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Hysterically funny 'Tartuffe'

Moliere’s “Tartuffe” was first performed in 1664 and was initially a very controversial piece; in the modern era, the controversy is no longer an issue, but the comedy remains. The conflict between good and evil is timeless, and when presented with the wittiness “Tartuffe” deserves, the play is specifically suited to our time and any time.

Directed by Fabrice Conte and produced by Oklahoma City Theatre Company, the performances take place in the intimate Cityspace Theatre in the lower level of the Civic Center Music Hall. Conte impeccably directs a highly competent cast of 11 characters. Conte creates a greater impact on the audience indicating the universality of the human condition in all times by mixing the modern and the period in costume and set design. Set designer Ward Kays and costume designer Andy Wallach have created beautiful representations for Conte’s production of “Tartuffe” and the actors play the scenes accordingly.

The role of Tartuffe is expertly played by Dave Pasto. Revealing his character’s diabolical evil with great subtlety, he clearly deceives the master of the house and his mother, who do not see that he is a moocher and a thief while also a permanent and welcome house guest. The head of household is Orgon, perfectly performed by Josh Irick. Elmire, his wife is beautifully played by J. Christine Lanning, who seems ideal for the role. Cleante, brother to Elmire, is performed unaffectedly and honestly by Matt Barger. Roy Samra as Damis, Dana Noel as Mariane and Nicholas Toscani as Valere present the essence of youth with only a hint of today’s rebelliousness, yet their determination is visibly amusing, and delightfully so—even with the threat of heartbreak. The bailiff, M. Loyal, is suitably done by Matthew Tasetano and Flipote/Police Officer are two roles well handled by Michael Spegar.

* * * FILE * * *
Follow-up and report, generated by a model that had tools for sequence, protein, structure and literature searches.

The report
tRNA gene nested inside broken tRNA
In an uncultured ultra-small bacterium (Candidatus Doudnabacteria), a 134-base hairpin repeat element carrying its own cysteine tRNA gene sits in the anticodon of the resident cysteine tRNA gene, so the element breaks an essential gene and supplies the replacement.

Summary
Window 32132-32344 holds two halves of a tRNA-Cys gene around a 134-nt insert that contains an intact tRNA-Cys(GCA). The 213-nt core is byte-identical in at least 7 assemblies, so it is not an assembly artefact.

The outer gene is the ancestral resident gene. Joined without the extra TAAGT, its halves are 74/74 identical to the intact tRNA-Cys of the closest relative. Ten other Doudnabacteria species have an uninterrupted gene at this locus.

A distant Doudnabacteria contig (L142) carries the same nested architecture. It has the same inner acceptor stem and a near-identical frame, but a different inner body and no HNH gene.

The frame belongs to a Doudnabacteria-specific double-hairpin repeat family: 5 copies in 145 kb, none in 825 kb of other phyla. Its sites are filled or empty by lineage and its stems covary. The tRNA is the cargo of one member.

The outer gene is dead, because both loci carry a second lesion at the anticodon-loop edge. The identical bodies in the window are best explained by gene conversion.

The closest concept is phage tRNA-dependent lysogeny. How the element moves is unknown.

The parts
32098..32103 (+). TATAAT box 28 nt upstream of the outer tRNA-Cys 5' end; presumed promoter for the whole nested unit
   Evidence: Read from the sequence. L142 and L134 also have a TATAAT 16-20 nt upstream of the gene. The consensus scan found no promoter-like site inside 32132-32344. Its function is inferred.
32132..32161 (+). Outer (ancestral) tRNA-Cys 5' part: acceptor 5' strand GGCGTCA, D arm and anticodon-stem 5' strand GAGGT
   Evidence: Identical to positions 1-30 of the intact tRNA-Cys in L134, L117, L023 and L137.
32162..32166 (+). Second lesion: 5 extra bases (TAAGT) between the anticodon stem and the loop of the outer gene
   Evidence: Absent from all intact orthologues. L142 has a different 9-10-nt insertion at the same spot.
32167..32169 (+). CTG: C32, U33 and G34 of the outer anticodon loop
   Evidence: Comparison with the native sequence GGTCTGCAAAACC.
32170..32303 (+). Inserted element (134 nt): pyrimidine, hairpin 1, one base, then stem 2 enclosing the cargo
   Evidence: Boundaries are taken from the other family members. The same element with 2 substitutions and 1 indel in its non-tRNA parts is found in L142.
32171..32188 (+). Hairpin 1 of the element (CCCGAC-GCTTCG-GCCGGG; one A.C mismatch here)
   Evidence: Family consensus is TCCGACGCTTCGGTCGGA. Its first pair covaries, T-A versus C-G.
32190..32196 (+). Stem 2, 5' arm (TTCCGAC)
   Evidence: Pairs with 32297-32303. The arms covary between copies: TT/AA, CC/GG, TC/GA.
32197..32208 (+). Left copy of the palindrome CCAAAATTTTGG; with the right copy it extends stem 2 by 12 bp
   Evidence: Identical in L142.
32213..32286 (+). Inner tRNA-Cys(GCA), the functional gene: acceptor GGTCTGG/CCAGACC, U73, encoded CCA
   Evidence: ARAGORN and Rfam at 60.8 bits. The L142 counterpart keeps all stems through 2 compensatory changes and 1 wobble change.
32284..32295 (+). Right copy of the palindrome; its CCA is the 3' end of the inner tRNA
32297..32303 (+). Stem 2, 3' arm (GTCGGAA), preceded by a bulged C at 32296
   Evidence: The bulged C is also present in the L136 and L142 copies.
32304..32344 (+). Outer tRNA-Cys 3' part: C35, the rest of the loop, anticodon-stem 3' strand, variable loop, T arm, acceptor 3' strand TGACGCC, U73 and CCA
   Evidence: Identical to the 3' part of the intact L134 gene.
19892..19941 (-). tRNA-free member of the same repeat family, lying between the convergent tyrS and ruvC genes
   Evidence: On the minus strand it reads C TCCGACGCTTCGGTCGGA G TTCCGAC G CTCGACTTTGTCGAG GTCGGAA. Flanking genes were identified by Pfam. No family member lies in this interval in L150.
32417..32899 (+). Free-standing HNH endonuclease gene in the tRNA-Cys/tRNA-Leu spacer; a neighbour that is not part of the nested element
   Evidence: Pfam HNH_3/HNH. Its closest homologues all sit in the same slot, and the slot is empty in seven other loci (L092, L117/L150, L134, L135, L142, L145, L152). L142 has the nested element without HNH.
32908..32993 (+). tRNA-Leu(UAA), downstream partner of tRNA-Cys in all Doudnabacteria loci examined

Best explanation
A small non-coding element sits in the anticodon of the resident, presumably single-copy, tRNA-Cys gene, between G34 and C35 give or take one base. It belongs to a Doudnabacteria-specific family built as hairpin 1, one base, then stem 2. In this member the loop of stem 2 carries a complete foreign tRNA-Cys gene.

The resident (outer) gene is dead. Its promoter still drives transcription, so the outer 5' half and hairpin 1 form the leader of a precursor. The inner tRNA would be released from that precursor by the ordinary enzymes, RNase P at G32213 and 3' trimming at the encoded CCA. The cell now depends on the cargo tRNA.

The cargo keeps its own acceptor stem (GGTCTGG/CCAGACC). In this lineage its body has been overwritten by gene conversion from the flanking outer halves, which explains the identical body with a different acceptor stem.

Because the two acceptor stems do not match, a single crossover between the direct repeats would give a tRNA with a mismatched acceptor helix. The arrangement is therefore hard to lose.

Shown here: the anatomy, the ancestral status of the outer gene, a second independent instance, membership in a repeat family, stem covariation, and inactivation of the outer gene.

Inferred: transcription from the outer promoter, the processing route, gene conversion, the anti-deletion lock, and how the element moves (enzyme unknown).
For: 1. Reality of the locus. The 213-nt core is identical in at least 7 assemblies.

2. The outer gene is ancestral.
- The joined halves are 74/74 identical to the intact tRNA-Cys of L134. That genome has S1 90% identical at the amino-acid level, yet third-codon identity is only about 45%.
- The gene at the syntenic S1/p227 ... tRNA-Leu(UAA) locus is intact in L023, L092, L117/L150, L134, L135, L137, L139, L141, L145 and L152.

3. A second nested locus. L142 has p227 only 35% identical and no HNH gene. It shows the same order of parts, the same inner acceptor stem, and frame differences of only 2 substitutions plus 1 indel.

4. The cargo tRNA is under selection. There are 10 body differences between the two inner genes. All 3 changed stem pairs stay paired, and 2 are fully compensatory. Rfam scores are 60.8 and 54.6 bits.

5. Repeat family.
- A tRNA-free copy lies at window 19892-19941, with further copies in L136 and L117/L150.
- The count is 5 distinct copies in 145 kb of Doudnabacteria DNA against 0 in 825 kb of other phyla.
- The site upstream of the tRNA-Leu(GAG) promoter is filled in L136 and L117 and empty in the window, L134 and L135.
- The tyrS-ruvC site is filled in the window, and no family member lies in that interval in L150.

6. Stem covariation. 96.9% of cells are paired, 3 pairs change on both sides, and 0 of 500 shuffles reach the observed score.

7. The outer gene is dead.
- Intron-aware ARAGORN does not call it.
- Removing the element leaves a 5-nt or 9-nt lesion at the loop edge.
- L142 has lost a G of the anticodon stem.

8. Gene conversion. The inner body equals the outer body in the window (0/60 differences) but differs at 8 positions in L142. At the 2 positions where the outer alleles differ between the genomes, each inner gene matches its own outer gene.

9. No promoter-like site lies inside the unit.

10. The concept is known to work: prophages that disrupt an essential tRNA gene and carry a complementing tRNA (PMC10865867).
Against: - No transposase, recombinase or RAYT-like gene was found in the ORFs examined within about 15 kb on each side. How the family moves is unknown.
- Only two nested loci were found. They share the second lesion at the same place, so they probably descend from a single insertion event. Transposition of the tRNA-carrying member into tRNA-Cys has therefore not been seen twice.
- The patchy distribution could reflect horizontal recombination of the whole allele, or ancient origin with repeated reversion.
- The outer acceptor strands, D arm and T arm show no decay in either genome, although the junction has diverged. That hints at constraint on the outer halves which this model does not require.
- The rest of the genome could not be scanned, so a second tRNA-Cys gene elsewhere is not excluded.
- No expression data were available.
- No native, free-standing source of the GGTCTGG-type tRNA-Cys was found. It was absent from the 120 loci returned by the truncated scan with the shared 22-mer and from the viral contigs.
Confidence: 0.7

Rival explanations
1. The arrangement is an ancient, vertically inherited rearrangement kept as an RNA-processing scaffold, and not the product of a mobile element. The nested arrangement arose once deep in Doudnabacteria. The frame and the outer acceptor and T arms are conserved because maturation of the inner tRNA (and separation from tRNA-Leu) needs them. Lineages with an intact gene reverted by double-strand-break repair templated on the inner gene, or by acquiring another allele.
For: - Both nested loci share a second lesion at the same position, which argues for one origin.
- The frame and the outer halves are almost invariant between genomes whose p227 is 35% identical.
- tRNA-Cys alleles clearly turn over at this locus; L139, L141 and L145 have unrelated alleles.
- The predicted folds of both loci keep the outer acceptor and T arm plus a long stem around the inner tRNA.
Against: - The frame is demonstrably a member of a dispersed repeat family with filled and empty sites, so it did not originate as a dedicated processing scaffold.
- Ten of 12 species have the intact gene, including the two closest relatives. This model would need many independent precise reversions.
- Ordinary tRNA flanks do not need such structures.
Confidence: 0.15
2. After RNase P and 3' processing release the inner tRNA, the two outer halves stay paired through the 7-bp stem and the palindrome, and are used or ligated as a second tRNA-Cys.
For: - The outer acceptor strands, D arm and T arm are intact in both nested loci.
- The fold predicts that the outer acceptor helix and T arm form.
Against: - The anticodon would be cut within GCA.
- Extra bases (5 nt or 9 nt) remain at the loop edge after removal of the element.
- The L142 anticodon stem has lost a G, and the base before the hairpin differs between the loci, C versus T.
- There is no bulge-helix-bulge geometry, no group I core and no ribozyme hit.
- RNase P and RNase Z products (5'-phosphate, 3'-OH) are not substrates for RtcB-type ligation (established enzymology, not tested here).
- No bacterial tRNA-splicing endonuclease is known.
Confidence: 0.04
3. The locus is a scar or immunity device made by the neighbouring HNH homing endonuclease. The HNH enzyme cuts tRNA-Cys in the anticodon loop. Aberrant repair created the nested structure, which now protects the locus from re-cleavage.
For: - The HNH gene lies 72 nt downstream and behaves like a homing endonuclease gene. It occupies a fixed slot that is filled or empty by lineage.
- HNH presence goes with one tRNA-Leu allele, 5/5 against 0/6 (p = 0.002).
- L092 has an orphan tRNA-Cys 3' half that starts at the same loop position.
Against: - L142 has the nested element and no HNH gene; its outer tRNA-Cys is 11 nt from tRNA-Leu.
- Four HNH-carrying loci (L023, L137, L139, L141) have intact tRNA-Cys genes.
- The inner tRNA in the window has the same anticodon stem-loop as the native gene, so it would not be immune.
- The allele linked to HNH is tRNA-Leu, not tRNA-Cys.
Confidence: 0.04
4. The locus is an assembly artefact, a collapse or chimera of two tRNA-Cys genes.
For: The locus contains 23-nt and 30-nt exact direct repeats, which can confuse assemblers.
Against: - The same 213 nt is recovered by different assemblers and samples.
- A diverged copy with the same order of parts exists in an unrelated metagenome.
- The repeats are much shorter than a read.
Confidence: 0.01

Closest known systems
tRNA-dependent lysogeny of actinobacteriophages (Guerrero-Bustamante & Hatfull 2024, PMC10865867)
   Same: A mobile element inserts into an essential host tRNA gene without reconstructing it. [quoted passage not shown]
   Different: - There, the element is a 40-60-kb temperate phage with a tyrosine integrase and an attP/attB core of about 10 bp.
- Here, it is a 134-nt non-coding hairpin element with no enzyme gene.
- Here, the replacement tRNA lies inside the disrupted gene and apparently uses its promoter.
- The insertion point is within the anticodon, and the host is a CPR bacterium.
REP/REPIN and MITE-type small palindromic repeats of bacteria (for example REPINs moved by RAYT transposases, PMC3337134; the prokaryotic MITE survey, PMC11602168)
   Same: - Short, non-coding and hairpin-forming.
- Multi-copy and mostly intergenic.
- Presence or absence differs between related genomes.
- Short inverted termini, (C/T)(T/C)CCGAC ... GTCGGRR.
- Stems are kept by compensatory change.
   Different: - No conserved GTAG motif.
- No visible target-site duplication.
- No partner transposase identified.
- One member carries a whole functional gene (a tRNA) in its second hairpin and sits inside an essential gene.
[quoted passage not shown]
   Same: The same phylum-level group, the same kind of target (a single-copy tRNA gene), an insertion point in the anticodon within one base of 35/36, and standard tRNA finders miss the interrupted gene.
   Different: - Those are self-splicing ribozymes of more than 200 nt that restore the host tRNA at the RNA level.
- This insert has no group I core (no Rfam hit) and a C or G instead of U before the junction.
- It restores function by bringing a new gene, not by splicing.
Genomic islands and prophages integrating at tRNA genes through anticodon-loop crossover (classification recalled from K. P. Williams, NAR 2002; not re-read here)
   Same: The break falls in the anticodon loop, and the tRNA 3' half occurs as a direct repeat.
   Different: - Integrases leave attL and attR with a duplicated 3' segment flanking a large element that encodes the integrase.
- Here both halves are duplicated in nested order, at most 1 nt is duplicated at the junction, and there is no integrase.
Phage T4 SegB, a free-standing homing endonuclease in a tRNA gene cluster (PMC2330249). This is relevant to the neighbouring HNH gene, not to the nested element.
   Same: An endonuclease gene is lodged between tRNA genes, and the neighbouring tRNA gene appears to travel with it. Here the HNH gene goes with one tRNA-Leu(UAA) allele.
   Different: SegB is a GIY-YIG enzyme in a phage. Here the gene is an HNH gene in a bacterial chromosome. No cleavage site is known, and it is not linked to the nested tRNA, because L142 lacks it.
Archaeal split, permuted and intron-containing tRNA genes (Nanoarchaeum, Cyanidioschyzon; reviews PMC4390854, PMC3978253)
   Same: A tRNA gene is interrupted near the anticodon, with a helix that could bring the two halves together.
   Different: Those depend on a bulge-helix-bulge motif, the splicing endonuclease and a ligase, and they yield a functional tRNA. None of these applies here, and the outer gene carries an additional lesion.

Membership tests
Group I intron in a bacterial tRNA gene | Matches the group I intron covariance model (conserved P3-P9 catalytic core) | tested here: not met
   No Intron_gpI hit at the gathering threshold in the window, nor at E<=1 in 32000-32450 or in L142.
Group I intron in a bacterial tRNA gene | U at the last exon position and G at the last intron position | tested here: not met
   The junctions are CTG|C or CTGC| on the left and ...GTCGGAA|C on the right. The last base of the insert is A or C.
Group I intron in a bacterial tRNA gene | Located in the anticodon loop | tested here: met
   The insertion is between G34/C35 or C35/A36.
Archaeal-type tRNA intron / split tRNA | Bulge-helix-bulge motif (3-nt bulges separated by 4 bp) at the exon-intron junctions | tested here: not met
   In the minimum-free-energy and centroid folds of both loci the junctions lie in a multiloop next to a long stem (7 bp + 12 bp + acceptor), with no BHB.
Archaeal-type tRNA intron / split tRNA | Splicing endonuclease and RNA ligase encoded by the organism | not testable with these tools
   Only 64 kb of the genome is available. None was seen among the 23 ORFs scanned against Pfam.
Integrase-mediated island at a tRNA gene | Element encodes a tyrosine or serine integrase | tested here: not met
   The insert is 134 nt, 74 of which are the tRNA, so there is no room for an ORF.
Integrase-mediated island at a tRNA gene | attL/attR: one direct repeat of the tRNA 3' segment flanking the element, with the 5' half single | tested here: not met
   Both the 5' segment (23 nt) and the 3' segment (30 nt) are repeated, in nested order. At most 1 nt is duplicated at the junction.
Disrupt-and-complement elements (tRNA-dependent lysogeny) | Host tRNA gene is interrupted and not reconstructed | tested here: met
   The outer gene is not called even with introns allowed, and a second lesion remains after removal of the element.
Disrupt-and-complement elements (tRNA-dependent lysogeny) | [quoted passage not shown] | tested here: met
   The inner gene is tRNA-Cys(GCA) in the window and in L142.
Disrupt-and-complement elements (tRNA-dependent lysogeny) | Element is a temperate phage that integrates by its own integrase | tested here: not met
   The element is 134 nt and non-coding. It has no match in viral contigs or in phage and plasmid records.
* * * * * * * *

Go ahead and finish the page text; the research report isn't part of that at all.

All of these actors are excellent in their roles, and the mastery of Conte’s direction is apparent. However, there are two actresses not yet mentioned: Anna Holloway and Jessica Carabajal. Madame Pernelle, the mother of Organ who is so taken by Tartuffe, is created in an absolutely outstanding performance by Holloway. Her beautiful costume is complemented by the very period appropriate expressions of dowager power providing an extra bit of nuance and noble notability. Dorine is the very modern maid, who does not hesitate to speak her mind. She is wonderfully revealed by Jessica Carabajal, with crafty little expressions and small asides in addition to her outspoken family retainer persona. Carabajal deserves the accolades of the audience in waves. These two come close to stealing the show, but the professional excellence the remaining cast exhibits makes the show an ensemble treat. The cast, as a whole, is hysterical.

Moliere’s “Tartuffe” plays at the Oklahoma City Theatre Company at Cityspace Theatre in the lower level of the Civic Center Music Hall at 8:00 pm Thursday, Friday and Saturday and Sunday matinees at 2:00pm through February 15, 2015. OKCTC is a resident company of the Civic Center Music Hall located at 201 N. Walker Avenue in downtown Oklahoma City. For tickets call 405-297-2264 or visit online at

Elizabeth Hurd

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